Friday, 26 December 2014

Second Christmas Day

Today go Dutch again flocking around the shopping malls and enjoy the British from a day full of sports, because it is Second Christmas Day or Boxing Day.
But why do we Europeans actually an extra day after Christmas, a tradition that for example doesn’t really exist in the America? In short, why do we actually celebrate Second Christmas Day?

Even before the emergence of Christianity the pagan Germanic celebrated the “Yule”, also known as the “Midwinter Festival”. In total, the festivities lasted twelve days, but the climax was reached on the shortest day of the year, December 21st. After this date, the days were getting longer and the amount of sunlight became more every day again, and thus celebrated the Germans during the “Yule” that the worst of winter had passed.

Saint Stefanus


With the rise of Christianity in the first centuries after Christ, many pagan traditions were converted to Catholic holidays. Like “Yule”, which was included in the so-called "Christmas season", a period of twelve days between December 25 and January 6, each devoted to at least one Catholic priest. Boxing Day came to this classification to be dedicated to St. Stefanus, the first martyr of Christianity.

Council of Mainz


However, at the Council of Mainz in 813 it was decided to extend the Christmas celebration itself. Henceforth, the Christmas party lasted four days. In all these days it was furthermore forbidden to work, because that would bring bad luck. The four Christmas needed, and got, each its own focus. So the Fourth Day was a Children’s Day and Second Christmas Day was completely dominated by the animals. Farmers allowed their horses galloping through the village to "guarantee" they would not be sick for the rest of the year.

Boxing Day


During the Middle Ages arose in Britain yet another tradition on Second Christmas Day: Boxing Day. This name could have been derived from the box with gifts that many nobles gave their servants on that day. These servants had to work on Christmas Day, but in return they were often the day after Christmas free from their masters. Good employees are also given as a “thank you box” with all kinds of gifts and food leftovers to take home.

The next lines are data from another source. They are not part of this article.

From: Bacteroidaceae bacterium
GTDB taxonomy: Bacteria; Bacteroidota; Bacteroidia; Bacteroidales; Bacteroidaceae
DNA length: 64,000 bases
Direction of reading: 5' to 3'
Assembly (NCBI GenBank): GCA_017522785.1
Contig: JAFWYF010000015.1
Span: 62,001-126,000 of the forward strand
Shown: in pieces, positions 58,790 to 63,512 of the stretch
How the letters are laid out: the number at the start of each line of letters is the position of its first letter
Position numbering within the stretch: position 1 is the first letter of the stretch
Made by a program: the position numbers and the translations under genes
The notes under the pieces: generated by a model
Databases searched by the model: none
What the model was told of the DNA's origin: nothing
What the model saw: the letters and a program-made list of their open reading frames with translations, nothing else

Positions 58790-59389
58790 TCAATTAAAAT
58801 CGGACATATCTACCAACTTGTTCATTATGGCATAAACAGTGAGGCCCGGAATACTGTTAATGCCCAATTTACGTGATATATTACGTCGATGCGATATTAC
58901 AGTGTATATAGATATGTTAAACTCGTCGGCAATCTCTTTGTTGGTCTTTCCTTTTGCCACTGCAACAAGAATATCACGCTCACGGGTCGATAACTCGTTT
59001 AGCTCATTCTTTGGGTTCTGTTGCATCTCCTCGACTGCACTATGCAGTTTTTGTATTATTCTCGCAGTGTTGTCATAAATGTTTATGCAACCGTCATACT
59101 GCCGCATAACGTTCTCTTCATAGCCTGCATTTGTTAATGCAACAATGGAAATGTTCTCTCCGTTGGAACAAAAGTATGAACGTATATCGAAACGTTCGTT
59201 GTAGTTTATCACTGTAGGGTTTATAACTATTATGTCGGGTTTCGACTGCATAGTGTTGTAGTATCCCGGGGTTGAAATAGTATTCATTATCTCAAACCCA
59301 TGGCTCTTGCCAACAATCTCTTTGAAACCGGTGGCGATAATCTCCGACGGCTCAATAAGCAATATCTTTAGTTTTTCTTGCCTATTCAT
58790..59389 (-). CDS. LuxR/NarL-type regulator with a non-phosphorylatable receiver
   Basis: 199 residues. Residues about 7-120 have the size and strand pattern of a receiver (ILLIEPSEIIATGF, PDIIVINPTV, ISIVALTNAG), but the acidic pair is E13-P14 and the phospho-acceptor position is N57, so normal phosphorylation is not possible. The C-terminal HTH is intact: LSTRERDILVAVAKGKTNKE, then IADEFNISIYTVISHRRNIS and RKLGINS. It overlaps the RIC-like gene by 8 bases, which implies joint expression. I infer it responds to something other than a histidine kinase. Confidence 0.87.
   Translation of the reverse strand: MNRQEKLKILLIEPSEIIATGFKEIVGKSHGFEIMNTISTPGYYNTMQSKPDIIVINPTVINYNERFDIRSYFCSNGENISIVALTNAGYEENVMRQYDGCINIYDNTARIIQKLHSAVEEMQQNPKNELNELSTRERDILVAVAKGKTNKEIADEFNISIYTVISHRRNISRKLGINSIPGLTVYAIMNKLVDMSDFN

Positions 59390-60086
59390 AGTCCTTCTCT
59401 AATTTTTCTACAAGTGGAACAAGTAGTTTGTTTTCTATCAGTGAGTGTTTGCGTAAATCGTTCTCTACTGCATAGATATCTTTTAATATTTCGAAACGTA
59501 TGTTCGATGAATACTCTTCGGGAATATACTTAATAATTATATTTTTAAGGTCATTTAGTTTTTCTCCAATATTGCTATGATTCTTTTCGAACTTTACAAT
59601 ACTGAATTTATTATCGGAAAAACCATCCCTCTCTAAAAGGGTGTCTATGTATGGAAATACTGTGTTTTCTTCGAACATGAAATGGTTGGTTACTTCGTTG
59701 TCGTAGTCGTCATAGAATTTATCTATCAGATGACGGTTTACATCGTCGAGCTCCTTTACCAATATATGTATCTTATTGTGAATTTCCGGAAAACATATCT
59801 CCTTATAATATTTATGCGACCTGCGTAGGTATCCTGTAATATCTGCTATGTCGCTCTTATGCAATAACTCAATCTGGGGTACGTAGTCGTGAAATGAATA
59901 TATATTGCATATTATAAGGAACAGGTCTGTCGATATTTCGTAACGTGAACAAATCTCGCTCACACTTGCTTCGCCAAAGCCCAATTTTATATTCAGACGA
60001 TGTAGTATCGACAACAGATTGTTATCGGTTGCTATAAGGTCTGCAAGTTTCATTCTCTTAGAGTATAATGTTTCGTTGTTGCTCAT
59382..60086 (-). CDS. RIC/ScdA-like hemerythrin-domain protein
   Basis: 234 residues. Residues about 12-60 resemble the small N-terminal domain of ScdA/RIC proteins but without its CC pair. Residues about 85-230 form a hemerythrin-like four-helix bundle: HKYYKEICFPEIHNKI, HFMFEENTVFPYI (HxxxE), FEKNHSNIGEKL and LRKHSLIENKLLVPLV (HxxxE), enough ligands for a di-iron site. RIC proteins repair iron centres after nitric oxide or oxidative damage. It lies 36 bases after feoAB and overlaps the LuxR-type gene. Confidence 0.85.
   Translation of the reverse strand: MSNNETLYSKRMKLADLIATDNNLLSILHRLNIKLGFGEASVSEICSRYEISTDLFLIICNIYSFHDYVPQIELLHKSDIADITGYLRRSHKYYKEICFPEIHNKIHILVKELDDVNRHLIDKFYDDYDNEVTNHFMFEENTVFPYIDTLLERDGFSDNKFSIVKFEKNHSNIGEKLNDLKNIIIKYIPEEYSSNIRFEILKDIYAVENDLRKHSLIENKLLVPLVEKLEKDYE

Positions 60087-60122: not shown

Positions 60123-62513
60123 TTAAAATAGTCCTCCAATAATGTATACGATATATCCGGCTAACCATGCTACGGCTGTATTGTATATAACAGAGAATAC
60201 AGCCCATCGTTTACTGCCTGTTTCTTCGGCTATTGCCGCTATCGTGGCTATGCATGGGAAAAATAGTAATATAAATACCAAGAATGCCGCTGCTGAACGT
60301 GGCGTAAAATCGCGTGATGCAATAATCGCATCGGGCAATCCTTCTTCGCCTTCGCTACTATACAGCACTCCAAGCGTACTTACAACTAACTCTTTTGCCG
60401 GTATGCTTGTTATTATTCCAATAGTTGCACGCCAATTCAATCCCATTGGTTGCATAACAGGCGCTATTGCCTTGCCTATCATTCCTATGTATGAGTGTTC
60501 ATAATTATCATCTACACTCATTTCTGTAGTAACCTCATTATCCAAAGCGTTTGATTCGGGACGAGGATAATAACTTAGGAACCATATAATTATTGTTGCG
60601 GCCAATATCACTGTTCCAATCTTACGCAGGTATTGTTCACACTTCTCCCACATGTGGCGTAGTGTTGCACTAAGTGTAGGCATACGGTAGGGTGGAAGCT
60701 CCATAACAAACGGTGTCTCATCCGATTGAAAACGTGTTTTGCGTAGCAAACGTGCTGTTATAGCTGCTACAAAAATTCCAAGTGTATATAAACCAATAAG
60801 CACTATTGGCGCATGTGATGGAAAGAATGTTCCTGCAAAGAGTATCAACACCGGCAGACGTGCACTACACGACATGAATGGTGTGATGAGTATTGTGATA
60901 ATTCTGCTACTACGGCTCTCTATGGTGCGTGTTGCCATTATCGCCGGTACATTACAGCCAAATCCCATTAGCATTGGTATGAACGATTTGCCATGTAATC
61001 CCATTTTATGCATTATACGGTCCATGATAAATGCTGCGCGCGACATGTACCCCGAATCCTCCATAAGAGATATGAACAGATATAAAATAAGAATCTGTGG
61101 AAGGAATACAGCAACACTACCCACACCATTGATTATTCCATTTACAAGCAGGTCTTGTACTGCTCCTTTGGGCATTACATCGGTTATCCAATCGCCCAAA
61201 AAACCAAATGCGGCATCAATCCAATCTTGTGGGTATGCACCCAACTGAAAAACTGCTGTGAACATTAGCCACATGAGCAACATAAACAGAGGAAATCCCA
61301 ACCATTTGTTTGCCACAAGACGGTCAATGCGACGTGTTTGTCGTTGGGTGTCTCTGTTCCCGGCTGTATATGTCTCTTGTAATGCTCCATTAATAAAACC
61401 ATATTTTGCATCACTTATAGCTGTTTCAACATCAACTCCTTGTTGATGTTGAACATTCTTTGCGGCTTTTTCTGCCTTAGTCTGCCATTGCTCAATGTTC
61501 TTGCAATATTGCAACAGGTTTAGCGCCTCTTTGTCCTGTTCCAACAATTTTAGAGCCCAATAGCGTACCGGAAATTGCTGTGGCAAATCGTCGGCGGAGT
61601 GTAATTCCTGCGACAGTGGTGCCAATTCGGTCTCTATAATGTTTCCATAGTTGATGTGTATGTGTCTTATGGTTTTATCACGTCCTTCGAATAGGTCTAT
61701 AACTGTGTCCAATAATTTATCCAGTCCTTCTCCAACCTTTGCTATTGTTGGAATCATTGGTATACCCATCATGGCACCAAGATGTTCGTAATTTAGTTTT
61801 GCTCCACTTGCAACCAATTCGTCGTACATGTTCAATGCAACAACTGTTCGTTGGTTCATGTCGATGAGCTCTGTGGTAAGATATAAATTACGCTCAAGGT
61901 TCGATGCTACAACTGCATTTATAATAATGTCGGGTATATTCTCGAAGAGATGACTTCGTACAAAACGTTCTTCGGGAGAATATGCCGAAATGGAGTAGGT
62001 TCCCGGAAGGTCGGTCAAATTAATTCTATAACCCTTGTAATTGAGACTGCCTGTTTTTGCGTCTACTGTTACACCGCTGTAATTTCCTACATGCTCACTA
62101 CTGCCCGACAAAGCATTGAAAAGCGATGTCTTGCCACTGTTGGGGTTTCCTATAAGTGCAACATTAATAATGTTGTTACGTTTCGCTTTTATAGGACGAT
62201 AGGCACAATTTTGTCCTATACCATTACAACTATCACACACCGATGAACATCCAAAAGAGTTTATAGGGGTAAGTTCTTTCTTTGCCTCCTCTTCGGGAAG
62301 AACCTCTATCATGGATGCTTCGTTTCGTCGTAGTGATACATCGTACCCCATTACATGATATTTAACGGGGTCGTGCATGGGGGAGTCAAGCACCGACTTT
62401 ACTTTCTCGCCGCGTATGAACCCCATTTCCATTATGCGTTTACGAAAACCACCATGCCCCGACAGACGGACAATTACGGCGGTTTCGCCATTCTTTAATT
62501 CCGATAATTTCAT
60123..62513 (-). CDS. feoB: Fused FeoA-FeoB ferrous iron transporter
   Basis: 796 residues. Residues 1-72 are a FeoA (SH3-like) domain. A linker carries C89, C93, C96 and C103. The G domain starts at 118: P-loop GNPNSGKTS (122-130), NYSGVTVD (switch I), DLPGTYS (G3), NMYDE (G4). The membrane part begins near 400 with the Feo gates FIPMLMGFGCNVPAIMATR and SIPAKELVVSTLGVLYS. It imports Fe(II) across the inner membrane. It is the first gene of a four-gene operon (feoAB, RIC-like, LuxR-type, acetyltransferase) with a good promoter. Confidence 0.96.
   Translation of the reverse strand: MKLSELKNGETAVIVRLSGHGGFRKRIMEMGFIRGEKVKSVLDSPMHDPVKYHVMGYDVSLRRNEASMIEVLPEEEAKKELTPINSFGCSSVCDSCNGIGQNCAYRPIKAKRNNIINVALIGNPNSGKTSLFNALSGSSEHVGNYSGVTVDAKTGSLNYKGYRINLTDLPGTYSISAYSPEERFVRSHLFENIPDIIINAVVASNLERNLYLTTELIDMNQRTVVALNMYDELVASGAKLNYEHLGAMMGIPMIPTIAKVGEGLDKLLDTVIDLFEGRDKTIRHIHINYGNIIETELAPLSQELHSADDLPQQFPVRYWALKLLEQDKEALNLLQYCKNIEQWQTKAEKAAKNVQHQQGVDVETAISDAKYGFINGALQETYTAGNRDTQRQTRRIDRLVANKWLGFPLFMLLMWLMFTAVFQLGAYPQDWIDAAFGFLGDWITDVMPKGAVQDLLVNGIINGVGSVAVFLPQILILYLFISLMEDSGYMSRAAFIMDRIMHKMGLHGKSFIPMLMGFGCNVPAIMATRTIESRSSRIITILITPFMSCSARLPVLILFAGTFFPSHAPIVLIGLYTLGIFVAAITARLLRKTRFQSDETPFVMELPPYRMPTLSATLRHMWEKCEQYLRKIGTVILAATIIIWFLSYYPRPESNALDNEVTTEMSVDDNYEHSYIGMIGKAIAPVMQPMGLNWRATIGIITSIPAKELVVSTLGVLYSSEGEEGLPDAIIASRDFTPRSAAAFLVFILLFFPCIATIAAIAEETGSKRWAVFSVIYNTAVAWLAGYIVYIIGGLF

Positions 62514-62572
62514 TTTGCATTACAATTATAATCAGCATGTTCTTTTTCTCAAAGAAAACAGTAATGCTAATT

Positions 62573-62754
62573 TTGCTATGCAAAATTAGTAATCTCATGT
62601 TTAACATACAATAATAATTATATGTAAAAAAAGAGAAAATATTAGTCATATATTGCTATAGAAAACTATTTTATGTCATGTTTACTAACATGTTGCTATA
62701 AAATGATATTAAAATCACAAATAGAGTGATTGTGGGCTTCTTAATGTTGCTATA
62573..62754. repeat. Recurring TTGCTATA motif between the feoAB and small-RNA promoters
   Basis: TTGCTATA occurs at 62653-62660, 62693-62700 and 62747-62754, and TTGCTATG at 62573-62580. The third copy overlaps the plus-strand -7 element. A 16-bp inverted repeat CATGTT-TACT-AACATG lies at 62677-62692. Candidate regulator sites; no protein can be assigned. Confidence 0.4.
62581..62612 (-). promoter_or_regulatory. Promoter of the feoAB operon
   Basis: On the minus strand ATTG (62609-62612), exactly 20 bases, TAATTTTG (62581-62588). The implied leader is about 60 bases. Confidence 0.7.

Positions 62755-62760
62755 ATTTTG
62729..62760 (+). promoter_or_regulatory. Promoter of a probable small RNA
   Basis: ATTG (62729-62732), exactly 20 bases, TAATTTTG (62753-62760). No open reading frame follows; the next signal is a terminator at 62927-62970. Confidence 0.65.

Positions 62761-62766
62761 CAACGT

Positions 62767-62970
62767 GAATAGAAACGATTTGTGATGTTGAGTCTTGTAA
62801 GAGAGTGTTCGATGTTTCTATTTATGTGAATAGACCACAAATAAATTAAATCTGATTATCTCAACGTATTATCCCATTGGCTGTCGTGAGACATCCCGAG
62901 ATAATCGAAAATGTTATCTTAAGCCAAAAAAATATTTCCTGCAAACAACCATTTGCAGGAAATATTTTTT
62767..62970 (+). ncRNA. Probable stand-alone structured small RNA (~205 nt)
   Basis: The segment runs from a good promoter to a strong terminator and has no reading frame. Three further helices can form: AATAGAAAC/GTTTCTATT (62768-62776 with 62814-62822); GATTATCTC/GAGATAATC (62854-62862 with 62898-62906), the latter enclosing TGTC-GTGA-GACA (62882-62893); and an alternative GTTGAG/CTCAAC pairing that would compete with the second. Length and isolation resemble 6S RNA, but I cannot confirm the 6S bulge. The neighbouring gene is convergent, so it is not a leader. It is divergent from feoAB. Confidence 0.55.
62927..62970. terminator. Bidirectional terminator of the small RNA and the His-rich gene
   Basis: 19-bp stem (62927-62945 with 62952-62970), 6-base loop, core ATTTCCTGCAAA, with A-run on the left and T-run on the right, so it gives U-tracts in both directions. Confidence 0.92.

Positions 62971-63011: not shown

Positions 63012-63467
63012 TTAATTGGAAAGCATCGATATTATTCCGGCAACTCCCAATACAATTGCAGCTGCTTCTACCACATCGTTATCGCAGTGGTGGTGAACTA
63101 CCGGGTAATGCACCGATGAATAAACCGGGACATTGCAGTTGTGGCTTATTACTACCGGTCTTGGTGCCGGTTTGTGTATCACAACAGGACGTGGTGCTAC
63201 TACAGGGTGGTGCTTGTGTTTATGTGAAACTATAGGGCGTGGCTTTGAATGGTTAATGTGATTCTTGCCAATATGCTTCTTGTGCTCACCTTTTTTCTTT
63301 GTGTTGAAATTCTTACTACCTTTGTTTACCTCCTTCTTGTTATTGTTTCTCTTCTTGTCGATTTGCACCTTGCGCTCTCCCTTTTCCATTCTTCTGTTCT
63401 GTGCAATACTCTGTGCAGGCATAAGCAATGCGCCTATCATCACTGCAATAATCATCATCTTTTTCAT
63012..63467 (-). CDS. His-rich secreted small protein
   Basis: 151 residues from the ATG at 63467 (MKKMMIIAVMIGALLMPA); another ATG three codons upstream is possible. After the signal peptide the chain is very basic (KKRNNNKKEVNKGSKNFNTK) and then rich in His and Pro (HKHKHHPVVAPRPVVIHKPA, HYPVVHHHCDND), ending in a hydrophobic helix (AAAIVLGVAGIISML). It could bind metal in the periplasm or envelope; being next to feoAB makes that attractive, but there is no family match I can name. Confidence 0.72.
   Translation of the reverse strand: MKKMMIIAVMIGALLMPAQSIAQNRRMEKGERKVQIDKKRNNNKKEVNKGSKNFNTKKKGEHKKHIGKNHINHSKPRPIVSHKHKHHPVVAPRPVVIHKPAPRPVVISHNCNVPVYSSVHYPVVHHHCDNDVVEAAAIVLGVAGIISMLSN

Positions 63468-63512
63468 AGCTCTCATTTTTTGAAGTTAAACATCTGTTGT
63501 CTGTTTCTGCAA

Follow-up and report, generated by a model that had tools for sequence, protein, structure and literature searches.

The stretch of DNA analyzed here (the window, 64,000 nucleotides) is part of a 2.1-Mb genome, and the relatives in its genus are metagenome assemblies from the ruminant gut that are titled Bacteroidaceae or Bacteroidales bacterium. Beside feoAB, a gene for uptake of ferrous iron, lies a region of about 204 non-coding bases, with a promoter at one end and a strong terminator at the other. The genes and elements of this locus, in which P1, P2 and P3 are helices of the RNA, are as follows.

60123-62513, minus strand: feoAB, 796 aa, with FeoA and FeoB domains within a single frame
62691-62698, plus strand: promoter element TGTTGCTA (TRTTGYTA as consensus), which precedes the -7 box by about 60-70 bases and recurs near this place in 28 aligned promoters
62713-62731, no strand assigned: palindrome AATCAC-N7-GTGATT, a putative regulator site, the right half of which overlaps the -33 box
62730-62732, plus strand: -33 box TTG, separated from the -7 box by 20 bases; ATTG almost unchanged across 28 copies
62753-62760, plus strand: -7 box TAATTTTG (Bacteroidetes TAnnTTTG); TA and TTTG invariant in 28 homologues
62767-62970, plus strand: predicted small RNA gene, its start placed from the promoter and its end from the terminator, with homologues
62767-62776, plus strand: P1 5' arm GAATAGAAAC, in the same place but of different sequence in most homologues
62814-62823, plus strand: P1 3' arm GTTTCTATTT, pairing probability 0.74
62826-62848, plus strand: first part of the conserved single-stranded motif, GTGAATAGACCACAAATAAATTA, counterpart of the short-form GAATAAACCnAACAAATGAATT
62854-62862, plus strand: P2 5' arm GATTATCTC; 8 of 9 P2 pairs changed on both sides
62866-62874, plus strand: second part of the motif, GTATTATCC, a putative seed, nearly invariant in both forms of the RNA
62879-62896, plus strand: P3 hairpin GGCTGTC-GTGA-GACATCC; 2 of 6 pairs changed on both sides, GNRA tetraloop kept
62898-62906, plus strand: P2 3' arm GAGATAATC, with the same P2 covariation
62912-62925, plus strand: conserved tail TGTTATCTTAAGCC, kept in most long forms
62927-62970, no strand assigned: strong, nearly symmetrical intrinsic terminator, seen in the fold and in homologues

Second Christmas Day


In recent centuries, the celebration of Christmas, however, was again gradually curtailed. Thus the tradition of Fourth Day soon lost. In 1773 the Dutch government decided to abolish The Third Christmas Day. Even Second Christmas Day appeared to be in danger, but the 18th century initiatives led to nothing. Indeed, in 1964 both Christmas days have been declared official Dutch holidays.

The religious character of Second Christmas Day however, is lost. Meanwhile, most Dutch people spend their extra day because usually by the shopping malls or at the in-laws. A similar development took also place in Britain, where Boxing Day today primarily known as an important day in football and rugby matches.


10 comments:

  1. I love the very interesting facts you come up with Han...thank you so much for sharing.

    Hugs and Blessings...
    Cat

    ReplyDelete
    Replies
    1. It really started with the question why Americans have only one Christmas Day, and rather a Christmas season..

      Smile to you Cat,

      Han

      Delete
  2. Hmmm, so it is Therefore, Christmas
    has been called Jul always here in Sweden .
    Like Vikingd called it.

    Take care,
    Mona Lisa

    ReplyDelete
    Replies
    1. Yes, like the Vikings did call it Jul, after Yule.

      Neat, huh?
      Smile,
      Han

      Delete
  3. thanks for the explanation of Boxing Day. My youngest was asking why it was called that this morning and I didn't know. I like the 26th. It's calmer, less hectic, the kids stay in bed longer!
    Hope you have a great day.
    DF

    ReplyDelete
    Replies
    1. Yes, the second day is often more relaxed, even the formal clothing is more relaxed....

      Glad to have helped your youngest,
      Smile,
      Han

      Delete
  4. Nica explanation, Han. I always found it difficult to explain it to my non Dutch friends.

    Have a nice 'Tweede Kerstdag'.

    appy

    ReplyDelete
    Replies
    1. Yes, the Americans don't understand our second Christmas Day. But I don't mind for I do not understand Halloween.

      Smile,
      Han

      Delete
  5. I love learning about the different traditions. Hope your hoidays were wonderful.

    ReplyDelete
    Replies
    1. Yes, we had very quiet but nice day Leigh, I hope you have had wonderful days as well.

      In a world full of questions, Leigh, there is always something to discover. I look like a child that is asking all day: why is this, why is that? Why do we have a second Christmas day?

      Smile,
      Han

      Delete

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